Now more than ever, providing for a positive, personalized customer experience is vital to every small business’ bottom line. Part of what encourages loyalty is the close-knit feeling customers have with your brand, your products or even just the staff in your store. During the health crisis, many small businesses discovered they need to rely on that goodwill in order to keep revenue stable.
3. Workforce management
One place companies started their digital transformation is in their HR departments. This area plays a key role in addressing remote work environments, including policies and procedures, people management, payment coordination with accounting, and onboarding and training.
Introducing new workforce management software can be the first step toward a digital transformation that emphasizes connectivity and communication across digital channels.
4. Identifying your company’s unique needs
Although bringing in new software can certainly help, every organization has different requirements. Rather than buy and use anything and everything, identify what you need and the technology that fits your situation.
Several months back it might have been easy to talk across the aisle or over the desk in your office, but now businesses need to invest in technologies that let them communicate online. Moreover, ecommerce and online ordering is something more and more small and medium businesses are now required to offer if they want to stay afloat.
“This can be [anything] from how you order your coffee or your food before you pick it up, to how you order things, to how you choose your favorite provider,” Ortegon says. “It involves the whole ordering placement and fulfillment process. We've seen CRM usage increase 24 percent since last year because now businesses that are not operating in a physical place need to have a digital record of customers.”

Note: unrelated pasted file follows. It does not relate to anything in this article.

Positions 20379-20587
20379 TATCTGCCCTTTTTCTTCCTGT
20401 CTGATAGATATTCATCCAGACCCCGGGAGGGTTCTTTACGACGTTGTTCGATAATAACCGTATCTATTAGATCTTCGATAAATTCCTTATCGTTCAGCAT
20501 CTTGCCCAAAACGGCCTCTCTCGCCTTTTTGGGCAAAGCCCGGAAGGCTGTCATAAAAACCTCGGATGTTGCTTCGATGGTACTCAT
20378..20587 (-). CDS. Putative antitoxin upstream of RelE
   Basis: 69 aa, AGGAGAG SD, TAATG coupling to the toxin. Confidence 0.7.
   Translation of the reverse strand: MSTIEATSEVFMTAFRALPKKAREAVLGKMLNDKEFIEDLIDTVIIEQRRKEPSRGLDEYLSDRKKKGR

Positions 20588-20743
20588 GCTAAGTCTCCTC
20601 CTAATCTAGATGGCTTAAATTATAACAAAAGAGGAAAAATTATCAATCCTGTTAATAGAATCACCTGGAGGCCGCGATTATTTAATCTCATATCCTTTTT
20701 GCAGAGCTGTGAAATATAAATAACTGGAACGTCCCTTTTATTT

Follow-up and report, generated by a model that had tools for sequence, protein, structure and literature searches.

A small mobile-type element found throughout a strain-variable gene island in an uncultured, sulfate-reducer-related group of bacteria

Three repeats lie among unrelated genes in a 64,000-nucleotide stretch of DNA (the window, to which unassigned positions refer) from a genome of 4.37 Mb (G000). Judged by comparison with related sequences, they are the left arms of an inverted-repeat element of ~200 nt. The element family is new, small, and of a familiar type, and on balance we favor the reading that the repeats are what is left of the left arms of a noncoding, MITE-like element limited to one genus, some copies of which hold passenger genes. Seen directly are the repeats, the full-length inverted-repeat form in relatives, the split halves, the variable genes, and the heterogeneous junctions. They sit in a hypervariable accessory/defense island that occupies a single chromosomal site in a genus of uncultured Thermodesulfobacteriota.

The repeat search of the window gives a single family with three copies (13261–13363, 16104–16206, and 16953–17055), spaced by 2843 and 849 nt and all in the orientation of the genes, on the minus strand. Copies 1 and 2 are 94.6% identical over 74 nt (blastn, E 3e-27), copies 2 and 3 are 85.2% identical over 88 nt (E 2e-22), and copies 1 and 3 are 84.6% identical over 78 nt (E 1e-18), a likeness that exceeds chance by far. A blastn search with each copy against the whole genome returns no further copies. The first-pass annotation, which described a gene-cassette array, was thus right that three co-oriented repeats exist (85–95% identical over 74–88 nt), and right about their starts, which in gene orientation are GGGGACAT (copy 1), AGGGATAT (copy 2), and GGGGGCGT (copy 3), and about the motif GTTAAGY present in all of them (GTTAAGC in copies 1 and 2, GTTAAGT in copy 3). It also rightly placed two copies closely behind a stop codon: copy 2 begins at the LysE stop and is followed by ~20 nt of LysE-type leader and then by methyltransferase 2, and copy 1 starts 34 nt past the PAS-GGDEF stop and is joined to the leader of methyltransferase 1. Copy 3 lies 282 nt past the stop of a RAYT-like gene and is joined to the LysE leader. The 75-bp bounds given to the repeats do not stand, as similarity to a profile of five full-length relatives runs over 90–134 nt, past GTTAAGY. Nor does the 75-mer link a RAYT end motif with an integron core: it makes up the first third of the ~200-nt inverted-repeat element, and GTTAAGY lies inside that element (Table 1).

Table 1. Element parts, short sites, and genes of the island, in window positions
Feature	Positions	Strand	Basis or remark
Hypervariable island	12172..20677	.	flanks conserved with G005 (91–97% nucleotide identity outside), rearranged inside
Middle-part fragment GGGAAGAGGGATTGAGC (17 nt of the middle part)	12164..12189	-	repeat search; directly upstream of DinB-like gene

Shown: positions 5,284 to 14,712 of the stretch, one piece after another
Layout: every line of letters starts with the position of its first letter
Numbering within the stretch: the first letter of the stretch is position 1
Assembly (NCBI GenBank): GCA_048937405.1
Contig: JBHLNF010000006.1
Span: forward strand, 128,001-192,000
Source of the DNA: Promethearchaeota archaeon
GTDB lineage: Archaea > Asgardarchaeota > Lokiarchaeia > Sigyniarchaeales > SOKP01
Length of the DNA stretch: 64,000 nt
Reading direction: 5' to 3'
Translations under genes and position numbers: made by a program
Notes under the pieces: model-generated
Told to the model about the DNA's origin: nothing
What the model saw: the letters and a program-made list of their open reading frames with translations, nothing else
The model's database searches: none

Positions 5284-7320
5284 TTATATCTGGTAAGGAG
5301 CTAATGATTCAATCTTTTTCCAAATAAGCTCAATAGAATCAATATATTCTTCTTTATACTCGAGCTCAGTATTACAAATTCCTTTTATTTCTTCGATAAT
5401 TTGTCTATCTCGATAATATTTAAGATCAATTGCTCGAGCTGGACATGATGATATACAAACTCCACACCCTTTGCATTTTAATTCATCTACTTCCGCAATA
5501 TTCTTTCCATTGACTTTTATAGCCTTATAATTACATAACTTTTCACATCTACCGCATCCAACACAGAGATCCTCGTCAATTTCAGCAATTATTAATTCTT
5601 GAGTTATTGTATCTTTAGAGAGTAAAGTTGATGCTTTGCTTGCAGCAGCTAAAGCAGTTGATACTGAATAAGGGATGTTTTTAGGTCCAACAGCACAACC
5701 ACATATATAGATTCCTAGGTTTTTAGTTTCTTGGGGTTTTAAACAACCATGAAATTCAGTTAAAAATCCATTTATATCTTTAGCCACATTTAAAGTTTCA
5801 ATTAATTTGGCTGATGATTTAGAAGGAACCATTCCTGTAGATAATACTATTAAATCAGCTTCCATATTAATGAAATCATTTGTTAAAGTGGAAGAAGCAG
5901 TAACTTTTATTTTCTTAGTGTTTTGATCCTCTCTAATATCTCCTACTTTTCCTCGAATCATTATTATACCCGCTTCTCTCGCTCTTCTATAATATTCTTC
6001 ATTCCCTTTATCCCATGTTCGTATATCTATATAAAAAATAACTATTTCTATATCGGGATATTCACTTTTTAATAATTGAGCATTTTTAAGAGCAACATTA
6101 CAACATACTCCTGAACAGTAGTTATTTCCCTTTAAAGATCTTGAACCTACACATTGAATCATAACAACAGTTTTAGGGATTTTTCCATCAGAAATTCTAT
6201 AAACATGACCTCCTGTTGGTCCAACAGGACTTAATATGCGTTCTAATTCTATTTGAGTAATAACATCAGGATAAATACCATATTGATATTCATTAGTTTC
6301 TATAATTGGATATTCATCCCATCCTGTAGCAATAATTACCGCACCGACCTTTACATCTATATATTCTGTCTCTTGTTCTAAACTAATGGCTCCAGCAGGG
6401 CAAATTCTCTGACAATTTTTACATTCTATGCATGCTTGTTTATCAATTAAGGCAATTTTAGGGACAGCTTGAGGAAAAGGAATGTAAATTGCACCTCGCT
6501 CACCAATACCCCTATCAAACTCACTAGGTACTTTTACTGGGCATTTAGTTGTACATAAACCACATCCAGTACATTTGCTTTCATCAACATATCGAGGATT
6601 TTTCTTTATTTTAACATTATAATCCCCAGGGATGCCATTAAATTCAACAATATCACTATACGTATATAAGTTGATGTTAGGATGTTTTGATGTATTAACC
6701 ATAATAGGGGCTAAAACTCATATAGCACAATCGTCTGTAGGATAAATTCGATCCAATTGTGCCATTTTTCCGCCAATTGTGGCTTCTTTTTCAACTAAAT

5. Focus on a centralized platform
Taking a centralized approach to your digital transformation offers an integration strategy to help build out more digital processes over time. According to the Salesforce report, small and medium businesses have begun using fewer apps. Seventy-two percent said they believe that one centralized application to manage their business functions is more helpful.
For example, as remote work increased, companies looked for collaborative platforms that offer a suite of tools. Two well-known platforms are Google’s G Suite, which includes Gmail, Docs, Drive, Hangouts and Calendar, and Office 365 from Microsoft, with Word, Excel, Teams, Outlook and OneDrive.
Both platforms show the potential for companies seeking to connect their team members and move work online. This centralized model can anchor the transformation to a digital workplace, including the ability to manage data and digitize critical business functions. From there, you can add tools that integrate with your central hub platform as you continue to evolve into a digital organization.
True digital transformation
The world, the general business environment, and your customers’ expectations are changing even faster than before and in unexpected ways. For companies of all sizes across all industries, digital transformation isn’t a matter of if, but rather when — or more accurately, how soon.
Despite the need for a rapid response to address legacy software and outdated processes, a complete digital transformation still requires a long-term operational commitment to change from leaders as well as the existing company culture.